Tag Archives: Herbal Remedies

Cannabis as a Tool for Balancing Homeostasis: Implications for Health and Disease

Cannabis has been used for medicinal purposes for thousands of years, with its benefits ranging from pain relief to the reduction of anxiety and depression. However, recent research has shown that cannabis may also play a crucial role in balancing homeostasis in the body.

Homeostasis is the process by which the body maintains a stable internal environment despite changes in the external environment. It involves various physiological processes, including the regulation of body temperature, blood pressure, and glucose levels. Homeostasis is essential for optimal health and wellness, and imbalances can lead to various health problems.

The endocannabinoid system (ECS) is a complex system of receptors and enzymes that plays a crucial role in maintaining homeostasis in the body. The ECS is activated by endocannabinoids, which are naturally produced by the body. However, the ECS can also be activated by cannabinoids, which are compounds found in the cannabis plant.

There are two primary cannabinoids found in cannabis: tetrahydrocannabinol (THC) and cannabidiol (CBD). THC is the psychoactive component of cannabis, responsible for the “high” associated with its use. CBD, on the other hand, is non-psychoactive and has been shown to have numerous health benefits.

One of the ways in which cannabis can help balance homeostasis is through its effects on inflammation. Inflammation is a natural response to injury or infection, but chronic inflammation can lead to various health problems, including autoimmune diseases, cancer, and cardiovascular disease. CBD has been shown to have potent anti-inflammatory effects, which may help balance the immune system and prevent chronic inflammation.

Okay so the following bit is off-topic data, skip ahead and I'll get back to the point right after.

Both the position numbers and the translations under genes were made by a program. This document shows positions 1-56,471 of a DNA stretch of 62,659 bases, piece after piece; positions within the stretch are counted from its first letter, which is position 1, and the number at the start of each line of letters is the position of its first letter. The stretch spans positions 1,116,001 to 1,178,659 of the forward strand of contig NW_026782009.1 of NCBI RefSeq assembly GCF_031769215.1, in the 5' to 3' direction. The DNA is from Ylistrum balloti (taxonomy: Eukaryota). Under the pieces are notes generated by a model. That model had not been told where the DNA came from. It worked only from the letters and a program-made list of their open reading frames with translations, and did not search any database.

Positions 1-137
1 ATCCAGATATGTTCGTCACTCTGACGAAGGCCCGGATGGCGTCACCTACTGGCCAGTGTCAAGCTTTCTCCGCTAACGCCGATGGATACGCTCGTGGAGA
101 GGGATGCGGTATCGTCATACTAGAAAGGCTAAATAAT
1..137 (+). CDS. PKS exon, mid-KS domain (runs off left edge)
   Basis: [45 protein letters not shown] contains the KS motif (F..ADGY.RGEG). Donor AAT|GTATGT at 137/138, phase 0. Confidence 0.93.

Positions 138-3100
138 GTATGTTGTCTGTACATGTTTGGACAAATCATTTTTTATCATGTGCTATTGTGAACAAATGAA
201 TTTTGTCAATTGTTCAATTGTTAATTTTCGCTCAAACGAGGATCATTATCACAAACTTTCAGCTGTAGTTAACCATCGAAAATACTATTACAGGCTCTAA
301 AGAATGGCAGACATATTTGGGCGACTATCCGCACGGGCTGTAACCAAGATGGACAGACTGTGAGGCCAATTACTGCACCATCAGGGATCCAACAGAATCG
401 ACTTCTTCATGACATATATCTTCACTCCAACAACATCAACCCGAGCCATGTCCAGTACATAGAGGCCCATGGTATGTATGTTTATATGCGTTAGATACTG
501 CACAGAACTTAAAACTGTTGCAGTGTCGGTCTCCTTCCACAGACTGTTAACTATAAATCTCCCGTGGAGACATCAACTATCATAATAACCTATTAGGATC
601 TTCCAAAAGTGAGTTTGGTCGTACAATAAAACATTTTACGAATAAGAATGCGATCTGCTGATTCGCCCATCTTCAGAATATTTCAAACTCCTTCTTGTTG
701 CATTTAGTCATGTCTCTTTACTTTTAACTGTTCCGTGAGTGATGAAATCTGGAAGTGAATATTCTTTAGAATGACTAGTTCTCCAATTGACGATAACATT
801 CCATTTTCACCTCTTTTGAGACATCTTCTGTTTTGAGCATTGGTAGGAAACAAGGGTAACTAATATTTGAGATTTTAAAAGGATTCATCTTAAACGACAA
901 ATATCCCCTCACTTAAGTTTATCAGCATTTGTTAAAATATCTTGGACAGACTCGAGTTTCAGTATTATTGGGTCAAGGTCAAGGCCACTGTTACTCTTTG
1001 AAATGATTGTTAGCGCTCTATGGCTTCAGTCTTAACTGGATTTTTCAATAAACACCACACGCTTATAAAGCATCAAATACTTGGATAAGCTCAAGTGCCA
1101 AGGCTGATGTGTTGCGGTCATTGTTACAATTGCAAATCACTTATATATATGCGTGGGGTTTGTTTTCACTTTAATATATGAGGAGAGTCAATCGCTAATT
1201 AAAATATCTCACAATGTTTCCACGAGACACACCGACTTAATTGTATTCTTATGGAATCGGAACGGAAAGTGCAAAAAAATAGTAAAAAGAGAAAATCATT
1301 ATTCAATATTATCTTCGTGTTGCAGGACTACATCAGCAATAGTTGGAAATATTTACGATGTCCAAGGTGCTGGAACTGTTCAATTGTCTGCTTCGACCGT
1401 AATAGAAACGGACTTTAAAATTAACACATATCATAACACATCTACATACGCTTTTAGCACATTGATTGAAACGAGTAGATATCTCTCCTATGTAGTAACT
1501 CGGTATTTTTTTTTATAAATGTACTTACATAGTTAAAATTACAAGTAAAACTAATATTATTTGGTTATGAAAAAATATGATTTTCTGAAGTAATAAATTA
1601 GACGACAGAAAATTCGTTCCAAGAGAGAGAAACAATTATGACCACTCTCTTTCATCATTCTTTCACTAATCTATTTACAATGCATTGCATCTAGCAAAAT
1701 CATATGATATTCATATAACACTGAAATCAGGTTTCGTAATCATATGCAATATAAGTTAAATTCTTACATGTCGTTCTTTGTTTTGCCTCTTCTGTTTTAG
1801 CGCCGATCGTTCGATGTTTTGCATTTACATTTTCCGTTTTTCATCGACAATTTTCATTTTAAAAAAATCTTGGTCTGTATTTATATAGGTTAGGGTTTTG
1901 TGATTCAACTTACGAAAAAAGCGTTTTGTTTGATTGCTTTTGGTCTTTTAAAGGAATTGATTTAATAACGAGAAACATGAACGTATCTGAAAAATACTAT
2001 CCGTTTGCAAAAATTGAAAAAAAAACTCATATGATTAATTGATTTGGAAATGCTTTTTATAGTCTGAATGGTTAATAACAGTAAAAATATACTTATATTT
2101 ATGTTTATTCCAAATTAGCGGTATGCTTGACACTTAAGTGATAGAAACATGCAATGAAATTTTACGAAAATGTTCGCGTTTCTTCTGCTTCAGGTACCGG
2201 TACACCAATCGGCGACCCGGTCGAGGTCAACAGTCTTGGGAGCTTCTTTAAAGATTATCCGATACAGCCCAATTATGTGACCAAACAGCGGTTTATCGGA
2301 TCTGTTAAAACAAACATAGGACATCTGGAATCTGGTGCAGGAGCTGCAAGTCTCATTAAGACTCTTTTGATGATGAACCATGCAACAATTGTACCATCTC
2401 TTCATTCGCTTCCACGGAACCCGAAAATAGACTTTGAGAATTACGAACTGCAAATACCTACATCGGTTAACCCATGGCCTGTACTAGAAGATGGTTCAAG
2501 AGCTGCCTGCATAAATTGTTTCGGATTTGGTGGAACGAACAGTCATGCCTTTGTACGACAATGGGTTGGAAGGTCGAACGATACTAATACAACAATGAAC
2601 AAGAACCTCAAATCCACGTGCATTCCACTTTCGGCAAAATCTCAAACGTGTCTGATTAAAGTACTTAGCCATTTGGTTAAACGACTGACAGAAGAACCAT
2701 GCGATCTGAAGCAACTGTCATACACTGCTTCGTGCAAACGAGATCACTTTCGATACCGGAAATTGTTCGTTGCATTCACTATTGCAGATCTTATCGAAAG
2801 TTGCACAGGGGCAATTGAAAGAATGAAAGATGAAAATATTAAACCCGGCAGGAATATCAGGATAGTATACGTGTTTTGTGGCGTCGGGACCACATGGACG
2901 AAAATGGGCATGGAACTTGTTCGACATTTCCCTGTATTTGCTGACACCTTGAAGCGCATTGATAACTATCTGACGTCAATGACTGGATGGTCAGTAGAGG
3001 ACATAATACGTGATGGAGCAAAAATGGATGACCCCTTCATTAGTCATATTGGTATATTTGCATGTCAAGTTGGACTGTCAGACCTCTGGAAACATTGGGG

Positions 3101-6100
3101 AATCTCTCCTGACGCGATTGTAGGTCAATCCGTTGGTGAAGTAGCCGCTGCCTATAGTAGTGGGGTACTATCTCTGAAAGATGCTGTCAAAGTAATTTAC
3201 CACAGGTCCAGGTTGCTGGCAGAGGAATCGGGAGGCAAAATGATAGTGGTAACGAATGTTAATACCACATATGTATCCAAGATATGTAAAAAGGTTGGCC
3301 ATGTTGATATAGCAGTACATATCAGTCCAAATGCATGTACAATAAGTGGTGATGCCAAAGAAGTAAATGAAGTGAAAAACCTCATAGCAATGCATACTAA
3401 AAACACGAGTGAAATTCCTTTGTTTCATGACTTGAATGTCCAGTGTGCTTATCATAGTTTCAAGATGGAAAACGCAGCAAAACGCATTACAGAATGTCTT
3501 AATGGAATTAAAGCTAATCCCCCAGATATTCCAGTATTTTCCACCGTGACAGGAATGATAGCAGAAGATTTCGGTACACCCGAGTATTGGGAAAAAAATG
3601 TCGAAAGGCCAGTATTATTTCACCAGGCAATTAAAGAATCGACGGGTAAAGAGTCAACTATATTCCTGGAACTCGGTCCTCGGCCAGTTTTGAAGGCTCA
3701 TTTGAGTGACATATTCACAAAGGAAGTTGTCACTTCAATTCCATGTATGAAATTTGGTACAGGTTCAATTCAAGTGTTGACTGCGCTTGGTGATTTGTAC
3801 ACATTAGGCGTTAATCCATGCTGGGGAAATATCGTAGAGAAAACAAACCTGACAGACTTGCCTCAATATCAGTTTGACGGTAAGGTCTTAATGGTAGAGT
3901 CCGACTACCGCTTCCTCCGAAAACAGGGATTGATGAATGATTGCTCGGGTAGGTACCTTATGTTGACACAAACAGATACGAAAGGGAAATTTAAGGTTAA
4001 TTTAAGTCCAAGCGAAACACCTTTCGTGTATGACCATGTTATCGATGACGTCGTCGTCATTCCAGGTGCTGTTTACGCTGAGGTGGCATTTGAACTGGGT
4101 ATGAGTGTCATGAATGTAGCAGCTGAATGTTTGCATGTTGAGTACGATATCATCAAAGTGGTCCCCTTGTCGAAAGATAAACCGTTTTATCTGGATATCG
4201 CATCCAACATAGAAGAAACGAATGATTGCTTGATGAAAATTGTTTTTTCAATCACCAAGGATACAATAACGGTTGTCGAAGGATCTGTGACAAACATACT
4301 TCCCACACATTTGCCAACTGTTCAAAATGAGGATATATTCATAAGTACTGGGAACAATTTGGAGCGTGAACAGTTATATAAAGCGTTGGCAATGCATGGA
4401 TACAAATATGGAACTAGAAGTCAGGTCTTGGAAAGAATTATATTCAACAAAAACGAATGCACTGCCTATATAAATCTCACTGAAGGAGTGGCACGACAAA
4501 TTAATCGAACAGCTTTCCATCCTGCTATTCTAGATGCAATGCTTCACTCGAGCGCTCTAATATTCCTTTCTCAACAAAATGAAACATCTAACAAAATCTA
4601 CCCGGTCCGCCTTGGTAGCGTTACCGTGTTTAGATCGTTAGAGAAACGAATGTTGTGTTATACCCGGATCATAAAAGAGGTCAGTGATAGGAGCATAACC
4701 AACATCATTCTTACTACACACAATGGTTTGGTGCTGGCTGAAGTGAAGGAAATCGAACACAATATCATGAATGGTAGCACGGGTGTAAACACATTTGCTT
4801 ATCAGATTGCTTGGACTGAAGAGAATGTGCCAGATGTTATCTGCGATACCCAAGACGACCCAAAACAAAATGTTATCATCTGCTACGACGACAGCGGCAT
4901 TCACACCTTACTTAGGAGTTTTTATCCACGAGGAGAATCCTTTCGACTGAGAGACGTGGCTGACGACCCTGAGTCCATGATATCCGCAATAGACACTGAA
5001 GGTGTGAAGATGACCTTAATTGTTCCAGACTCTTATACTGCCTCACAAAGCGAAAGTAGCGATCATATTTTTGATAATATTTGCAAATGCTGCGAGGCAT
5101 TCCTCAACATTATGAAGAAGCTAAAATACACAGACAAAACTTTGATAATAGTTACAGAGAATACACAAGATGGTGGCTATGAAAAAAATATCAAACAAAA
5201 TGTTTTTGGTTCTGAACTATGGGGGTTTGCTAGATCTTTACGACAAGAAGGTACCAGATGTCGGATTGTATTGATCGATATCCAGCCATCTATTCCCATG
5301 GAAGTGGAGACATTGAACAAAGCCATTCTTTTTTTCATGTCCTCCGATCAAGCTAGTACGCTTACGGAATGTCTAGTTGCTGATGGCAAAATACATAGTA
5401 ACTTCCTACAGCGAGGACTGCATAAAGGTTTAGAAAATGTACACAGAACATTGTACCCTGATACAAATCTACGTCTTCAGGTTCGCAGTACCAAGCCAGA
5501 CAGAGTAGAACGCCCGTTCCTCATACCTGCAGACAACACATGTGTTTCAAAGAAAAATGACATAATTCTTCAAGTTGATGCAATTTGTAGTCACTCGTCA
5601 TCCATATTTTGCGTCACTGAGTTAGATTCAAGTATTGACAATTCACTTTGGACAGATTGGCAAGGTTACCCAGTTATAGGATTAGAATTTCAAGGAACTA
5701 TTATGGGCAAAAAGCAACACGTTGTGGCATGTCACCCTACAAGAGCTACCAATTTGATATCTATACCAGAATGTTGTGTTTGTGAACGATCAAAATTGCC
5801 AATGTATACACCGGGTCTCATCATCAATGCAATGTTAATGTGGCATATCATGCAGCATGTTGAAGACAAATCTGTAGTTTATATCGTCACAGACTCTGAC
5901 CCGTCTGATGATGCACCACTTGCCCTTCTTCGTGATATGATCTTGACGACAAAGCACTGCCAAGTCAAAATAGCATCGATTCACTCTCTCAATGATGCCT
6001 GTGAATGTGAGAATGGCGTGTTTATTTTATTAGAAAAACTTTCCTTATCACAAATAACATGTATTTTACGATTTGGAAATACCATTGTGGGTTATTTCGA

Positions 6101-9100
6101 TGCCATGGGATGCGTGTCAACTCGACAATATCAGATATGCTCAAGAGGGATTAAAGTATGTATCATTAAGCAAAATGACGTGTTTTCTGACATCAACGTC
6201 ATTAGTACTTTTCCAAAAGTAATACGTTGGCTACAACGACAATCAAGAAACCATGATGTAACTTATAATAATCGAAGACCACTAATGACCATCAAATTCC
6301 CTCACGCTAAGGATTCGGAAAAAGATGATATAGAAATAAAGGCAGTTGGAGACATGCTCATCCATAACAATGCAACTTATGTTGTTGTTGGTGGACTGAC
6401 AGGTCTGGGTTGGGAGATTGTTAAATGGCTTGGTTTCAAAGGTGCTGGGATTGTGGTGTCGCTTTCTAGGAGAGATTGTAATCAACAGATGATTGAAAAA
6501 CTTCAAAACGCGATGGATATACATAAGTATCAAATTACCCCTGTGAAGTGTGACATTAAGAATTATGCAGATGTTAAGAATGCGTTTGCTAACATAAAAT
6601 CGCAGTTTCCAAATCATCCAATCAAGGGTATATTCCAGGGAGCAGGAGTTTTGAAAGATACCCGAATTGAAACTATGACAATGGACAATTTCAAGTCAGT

Cannabis may also help balance the nervous system, which plays a crucial role in homeostasis. The ECS is present throughout the nervous system, and cannabinoids have been shown to affect various aspects of nervous system function, including neurotransmitter release and neuronal excitability. Studies have shown that CBD may help reduce anxiety and depression, improve sleep quality, and even protect against neurodegenerative diseases like Alzheimer’s and Parkinson’s.

Another way in which cannabis may help balance homeostasis is through its effects on the digestive system. The ECS is present throughout the digestive system, and cannabinoids have been shown to affect various aspects of digestive function, including motility and inflammation. Studies have shown that CBD may help reduce symptoms of irritable bowel syndrome (IBS) and inflammatory bowel disease (IBD), two common digestive disorders.

There is also evidence to suggest that cannabis may help balance the cardiovascular system. The ECS is present throughout the cardiovascular system, and cannabinoids have been shown to affect various aspects of cardiovascular function, including blood pressure, heart rate, and vascular tone. Studies have shown that CBD may help reduce blood pressure and improve vascular function, potentially reducing the risk of cardiovascular disease.

It is important to note that while cannabis may have significant health benefits, it is not a panacea. Cannabis use can have side effects, and there is still much we do not know about its long-term effects on health. Additionally, the legal status of cannabis varies by country and region, and individuals should consult with their healthcare provider before using cannabis for any medical purposes.